When it comes to working out, an understanding of how long you should be spending at the gym can help you formulate a healthy exercise regimen that works for you. Offering some insight on the subject is Shawn Arent, a professor of kinesiology at Rutgers. He recently spoke with New York Magazine's The Science of Us about how long you need to work out each day in order to see positive changes in your health.
"If we're talking per day, from a health standpoint, it's accumulating at least 30 minutes most, if not all, days of the week," he told the magazine. "From a fitness standpoint, however, 20 to 60 minutes a day, but that's minutes of the actual movement not of the actual bout." This falls in line with the Department of Health and Human Services' recommendation of roughly 30 minutes of exercise per day.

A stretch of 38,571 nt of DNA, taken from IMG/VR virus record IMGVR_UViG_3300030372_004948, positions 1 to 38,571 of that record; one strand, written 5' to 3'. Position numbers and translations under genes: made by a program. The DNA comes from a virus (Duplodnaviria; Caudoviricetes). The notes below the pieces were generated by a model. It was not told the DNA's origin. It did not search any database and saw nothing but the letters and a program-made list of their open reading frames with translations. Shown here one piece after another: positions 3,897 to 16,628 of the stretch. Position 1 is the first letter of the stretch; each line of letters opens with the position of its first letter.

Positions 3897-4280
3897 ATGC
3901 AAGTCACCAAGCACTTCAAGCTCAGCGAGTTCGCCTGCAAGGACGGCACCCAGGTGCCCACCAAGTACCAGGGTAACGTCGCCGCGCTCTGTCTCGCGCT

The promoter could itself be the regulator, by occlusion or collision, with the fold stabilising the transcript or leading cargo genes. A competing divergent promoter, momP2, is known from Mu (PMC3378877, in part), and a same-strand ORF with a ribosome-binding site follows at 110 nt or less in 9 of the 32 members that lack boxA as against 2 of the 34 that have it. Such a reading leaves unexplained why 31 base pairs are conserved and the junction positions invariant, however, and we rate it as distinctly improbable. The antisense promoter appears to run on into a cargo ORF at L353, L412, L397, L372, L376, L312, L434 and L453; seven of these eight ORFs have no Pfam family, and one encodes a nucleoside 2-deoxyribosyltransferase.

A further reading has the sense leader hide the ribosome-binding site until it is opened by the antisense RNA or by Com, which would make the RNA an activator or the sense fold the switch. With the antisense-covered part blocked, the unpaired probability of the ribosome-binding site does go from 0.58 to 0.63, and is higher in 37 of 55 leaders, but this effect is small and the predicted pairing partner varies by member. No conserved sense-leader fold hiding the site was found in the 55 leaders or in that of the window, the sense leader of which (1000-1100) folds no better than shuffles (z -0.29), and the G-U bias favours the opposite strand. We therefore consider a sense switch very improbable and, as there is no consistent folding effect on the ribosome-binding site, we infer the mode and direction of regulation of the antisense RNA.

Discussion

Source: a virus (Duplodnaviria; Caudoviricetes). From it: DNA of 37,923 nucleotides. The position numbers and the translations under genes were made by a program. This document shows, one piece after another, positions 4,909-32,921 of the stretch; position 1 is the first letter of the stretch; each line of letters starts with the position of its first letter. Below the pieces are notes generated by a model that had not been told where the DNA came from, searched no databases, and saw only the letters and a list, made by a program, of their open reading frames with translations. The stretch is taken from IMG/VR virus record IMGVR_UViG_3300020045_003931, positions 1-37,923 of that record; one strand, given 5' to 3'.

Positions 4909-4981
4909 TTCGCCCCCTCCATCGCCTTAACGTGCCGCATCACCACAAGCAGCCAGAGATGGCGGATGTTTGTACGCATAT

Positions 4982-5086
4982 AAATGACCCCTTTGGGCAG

But "intensity and volume are inversely related," he notes. "In other words, if you don't want to work out as long, work harder. If you don't like to work harder, you're going to have to work out a little bit longer." Of course, it's worth noting that this plan may not work for everyone; it's more important to formulate an exercise regimen that's healthy for you.
In terms of the workout itself, various studies point to the transformative powers of high-intensity interval training (HIIT), or alternating between short bursts of intense anaerobic exercise and less-intense recovery periods. It's essentially the most effective workout you can possibly do, with studies linking it to anti-aging and improved athletic ability.
Read up on the HIIT workouts that burn more calories than a three-mile run, and share your favorite exercises in the comments below.